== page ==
With an increase of CCUS activities in the industrial sector, this GHGT session incorporated the views of international experts on the integration of CO2 capture in different facilities.
Ruby Ray, from Wood, presented their work on CCS in fertilisers and cement production facilities. In the case of the fertiliser production, a non-urea product with CO2 capture through PSA (Pressure Swing Adsorption) was explored, considering a fertilisers production of 75t/h and 90% of carbon capture. In the case of the cement production plant, it produces 760kt/year of cement and there is not steam available in the original facility to use in the CO2 capture system. For both cases, chemical absorption was the modelled system and, consequently, desulphurization is required. The economic framework is similar in both industries, apart from the infrastructure connection. It was observed that the cost was higher in the case of the cement plant, 154 $/tCO2, compared to the 57.5 $/tCO2 in the fertiliser plant.
Jeff Kloosterman, from Air Products, discussed the coal gasification and CO2 utilisation integrated in chemical plants. He presented the Sour PSA technology for hydrogen and syngas production with CO2 removal. Based on their analysis, this technology offers a lower CAPEX than physical solvents. Furthermore, gasification can be flexible to capture CO2 from different industrial sources.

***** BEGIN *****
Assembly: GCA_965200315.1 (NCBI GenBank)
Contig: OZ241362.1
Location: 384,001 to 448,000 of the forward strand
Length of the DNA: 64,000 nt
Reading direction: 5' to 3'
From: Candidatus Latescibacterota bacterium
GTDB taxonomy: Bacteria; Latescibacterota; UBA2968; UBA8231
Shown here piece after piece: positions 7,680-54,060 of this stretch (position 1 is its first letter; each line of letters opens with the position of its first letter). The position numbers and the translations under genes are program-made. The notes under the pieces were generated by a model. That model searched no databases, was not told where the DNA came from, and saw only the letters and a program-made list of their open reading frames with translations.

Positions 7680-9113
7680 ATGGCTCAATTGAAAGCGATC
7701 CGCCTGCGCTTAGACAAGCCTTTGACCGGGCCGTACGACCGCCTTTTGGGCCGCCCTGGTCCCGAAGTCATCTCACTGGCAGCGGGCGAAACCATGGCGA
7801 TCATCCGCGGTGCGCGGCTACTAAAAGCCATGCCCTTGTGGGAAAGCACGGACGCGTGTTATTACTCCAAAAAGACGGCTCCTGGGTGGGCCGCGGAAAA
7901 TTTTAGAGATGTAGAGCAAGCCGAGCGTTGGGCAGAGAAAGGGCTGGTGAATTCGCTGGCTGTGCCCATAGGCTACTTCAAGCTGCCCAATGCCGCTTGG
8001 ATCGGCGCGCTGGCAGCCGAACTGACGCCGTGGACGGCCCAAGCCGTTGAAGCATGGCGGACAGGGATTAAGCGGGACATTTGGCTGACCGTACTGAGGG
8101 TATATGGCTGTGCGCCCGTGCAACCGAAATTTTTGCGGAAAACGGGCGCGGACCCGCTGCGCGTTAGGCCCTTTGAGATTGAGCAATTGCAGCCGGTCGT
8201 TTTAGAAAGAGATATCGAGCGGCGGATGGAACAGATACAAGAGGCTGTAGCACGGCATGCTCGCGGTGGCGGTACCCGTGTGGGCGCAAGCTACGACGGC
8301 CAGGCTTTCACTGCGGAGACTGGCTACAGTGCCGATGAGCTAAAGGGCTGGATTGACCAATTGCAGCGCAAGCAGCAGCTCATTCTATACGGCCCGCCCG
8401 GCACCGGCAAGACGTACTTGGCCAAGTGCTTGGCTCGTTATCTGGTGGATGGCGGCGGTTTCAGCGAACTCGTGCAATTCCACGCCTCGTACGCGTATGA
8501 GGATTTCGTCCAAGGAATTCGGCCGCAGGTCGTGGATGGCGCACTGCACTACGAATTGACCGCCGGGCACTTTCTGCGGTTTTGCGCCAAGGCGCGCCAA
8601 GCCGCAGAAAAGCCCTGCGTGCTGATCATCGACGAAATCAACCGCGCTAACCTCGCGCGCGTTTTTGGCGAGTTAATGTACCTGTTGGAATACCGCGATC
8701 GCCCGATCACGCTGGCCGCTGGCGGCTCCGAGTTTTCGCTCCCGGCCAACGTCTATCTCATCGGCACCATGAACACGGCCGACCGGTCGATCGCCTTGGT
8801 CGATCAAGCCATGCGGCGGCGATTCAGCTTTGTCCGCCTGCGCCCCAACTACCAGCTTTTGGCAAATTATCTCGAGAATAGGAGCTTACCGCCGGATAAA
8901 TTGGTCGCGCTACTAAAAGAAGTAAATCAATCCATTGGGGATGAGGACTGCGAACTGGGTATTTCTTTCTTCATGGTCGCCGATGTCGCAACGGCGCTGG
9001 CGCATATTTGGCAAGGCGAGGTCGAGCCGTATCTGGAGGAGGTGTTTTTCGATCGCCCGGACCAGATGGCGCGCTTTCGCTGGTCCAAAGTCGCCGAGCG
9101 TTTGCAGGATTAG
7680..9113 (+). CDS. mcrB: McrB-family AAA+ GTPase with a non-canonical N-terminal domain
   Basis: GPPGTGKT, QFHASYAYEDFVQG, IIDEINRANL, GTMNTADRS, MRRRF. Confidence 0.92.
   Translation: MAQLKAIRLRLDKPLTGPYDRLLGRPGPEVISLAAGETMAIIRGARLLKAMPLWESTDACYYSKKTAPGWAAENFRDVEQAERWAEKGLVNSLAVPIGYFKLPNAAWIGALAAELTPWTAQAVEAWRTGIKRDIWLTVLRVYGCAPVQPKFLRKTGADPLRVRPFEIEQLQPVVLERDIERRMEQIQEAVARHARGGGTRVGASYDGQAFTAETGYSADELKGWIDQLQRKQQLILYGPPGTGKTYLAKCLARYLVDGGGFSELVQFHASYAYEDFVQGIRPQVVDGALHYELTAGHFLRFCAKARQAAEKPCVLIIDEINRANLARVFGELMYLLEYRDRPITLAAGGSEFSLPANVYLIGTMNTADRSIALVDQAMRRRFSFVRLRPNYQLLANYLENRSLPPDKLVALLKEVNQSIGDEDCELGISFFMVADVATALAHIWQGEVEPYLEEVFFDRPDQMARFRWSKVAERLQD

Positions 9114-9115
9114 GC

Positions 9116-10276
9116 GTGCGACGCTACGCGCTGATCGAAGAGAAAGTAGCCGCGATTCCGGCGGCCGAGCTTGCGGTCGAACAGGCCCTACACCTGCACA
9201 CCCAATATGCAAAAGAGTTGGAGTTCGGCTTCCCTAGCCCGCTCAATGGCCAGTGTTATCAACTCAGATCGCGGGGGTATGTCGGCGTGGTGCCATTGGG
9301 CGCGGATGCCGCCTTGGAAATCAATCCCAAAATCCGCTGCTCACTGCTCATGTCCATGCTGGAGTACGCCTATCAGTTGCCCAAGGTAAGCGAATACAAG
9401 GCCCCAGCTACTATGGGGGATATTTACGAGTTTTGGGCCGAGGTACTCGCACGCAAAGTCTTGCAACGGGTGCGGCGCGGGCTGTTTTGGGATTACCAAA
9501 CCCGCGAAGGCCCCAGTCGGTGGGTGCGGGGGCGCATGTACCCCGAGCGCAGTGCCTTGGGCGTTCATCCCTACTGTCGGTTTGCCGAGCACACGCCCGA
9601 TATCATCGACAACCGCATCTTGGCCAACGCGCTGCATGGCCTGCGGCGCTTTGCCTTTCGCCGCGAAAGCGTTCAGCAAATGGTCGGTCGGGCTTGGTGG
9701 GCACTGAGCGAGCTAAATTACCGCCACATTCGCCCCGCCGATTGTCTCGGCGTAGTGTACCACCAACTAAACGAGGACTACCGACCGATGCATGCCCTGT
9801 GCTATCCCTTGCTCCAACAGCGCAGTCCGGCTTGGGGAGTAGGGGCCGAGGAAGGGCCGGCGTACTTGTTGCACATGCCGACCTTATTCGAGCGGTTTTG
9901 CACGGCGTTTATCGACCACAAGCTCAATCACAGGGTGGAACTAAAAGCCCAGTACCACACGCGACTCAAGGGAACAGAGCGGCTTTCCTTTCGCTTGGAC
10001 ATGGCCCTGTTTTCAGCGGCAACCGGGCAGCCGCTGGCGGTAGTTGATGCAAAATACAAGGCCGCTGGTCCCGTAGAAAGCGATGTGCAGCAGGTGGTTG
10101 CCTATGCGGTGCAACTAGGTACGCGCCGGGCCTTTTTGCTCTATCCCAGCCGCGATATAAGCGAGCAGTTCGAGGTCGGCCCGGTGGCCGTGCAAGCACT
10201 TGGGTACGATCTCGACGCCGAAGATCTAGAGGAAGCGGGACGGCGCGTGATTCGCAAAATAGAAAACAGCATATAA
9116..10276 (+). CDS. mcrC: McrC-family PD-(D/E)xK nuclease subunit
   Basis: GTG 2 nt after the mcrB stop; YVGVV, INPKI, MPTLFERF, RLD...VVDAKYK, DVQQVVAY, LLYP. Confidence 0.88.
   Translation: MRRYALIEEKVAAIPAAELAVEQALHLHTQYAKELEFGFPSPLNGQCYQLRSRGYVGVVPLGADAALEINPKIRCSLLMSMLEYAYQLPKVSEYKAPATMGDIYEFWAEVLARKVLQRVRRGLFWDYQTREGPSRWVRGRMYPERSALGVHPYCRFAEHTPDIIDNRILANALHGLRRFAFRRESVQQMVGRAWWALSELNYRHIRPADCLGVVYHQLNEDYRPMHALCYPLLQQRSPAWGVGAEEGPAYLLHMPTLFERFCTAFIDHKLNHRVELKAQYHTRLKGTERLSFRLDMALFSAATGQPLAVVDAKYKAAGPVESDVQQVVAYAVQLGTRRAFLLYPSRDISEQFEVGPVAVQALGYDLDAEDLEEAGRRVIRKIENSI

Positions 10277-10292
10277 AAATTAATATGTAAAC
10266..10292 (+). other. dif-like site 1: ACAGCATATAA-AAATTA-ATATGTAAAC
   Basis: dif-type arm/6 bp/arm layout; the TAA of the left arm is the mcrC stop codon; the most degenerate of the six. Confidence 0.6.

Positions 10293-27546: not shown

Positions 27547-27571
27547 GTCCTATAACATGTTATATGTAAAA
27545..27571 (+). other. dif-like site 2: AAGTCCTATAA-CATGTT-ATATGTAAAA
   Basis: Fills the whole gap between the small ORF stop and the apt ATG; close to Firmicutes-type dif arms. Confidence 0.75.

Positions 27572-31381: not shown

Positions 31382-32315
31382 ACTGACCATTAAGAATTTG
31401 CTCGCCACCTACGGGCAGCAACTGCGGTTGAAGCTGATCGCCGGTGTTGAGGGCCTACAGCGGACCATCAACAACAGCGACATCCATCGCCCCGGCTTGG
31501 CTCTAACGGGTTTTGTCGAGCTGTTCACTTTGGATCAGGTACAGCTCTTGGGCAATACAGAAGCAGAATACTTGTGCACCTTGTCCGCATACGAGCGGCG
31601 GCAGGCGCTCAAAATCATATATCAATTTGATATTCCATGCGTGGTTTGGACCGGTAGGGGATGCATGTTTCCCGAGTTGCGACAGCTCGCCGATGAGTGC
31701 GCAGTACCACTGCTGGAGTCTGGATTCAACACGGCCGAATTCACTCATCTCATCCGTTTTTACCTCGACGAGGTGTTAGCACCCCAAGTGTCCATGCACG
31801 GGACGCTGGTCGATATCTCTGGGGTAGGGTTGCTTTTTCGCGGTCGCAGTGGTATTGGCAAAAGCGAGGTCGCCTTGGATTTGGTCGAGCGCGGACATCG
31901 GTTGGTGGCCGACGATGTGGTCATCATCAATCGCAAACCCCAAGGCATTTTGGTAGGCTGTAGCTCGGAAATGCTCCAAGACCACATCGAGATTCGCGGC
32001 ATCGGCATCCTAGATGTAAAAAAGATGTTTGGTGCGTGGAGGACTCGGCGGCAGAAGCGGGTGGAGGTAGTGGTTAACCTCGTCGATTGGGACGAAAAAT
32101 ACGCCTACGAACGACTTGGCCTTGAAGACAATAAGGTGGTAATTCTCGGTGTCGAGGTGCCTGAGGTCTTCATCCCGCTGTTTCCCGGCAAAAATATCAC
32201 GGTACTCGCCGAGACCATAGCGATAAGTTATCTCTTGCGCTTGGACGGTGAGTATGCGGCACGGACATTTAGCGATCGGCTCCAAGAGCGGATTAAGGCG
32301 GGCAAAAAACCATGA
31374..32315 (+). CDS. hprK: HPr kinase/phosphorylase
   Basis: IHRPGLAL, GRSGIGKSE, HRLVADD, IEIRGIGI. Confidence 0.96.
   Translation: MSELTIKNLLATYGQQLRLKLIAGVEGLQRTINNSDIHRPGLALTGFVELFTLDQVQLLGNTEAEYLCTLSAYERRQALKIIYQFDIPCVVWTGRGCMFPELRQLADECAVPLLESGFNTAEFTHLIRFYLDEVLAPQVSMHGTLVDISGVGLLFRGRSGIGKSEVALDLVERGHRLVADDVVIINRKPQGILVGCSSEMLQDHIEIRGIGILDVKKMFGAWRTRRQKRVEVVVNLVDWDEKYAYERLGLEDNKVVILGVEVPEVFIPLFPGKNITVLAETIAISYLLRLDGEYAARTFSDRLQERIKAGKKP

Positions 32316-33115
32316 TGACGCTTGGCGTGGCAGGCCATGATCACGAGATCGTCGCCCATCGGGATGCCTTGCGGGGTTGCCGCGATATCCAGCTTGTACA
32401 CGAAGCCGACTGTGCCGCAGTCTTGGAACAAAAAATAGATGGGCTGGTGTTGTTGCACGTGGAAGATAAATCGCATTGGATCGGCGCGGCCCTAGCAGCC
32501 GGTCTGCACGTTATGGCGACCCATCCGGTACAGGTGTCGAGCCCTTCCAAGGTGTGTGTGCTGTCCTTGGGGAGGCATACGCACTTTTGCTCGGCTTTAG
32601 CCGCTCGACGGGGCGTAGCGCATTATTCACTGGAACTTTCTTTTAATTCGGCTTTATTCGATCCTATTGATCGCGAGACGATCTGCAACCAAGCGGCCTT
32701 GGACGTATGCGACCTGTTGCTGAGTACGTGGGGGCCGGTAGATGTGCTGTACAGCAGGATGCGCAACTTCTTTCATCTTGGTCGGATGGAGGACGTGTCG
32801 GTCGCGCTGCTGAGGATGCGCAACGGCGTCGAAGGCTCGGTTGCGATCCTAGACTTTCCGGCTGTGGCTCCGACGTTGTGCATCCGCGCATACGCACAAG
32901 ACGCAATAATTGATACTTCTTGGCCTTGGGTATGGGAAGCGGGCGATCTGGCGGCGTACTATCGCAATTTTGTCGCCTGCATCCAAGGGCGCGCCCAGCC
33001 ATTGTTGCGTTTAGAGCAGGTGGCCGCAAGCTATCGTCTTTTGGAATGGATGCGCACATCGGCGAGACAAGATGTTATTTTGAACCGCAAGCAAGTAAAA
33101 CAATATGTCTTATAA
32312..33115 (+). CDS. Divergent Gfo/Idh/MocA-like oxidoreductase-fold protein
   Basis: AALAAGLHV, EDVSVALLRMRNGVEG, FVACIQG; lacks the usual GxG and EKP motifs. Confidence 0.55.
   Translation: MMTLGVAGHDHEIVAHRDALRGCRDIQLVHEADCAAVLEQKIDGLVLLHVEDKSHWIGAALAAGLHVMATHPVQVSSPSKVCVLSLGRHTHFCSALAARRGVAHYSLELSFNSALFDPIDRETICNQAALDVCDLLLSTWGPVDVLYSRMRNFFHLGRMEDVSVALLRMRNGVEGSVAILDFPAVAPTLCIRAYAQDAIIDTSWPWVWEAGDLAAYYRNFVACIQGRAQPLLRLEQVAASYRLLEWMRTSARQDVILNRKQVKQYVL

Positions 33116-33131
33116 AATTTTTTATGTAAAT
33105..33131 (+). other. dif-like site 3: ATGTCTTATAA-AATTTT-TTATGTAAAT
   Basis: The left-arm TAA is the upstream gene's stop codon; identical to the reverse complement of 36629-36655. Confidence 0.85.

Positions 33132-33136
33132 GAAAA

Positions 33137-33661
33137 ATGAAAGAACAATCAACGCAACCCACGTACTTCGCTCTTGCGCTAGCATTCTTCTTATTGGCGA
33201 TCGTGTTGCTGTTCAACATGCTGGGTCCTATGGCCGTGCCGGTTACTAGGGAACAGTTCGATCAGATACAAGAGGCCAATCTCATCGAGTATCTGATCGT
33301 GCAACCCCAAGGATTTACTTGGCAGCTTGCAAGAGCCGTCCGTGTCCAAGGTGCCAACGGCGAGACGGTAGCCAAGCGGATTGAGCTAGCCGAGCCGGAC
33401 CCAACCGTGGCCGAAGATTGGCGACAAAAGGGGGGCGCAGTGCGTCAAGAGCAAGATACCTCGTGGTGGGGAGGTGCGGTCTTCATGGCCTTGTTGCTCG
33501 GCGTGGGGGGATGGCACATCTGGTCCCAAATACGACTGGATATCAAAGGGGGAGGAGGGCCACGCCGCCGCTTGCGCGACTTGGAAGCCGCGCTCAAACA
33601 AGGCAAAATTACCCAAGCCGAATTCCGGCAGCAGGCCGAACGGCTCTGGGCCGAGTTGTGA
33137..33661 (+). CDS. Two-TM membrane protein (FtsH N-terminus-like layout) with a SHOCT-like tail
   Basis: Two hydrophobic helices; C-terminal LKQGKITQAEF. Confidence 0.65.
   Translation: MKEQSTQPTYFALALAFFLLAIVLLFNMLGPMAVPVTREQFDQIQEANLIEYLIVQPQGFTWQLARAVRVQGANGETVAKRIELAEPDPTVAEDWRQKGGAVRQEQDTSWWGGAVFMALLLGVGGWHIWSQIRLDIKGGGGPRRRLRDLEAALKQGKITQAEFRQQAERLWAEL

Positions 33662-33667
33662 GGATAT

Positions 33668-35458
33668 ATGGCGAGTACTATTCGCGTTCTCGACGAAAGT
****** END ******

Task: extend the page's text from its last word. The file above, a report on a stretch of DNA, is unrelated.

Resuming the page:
Maximilian Biermann, from Chalmers University, presented the Preem CCS project and focused on the heat integration of the CO2 capture system with the original facility. He introduced the evaluation of the heat integration by using their developed method. This method can assess the quantification and cost of the heat integration, as an optimum deployment can reduce the CO2 capture costs by 50%. In specific cases, the residual heat could supply up to 78% of the heat required for the capture system.
Syed Zaheer Abbas, from the University of Manchester, presented the C4U project, which integrates the CASOH system (Calcium Assisted Steel mill Off-gas Hydrogen production) in the steelmaking industry. This system will be tested at TRL 7, and the integration at full scale will be studied from the energy and system perspectives.
As main conclusion of this session, it can be seen that there is not one single solution for all the facilities and industries. The implementation of CO2 capture strategies in the industrial sector is heterogeneous and flexible, while the carbon removal degree will be a function of the feedstock, product, location, and regulatory factors.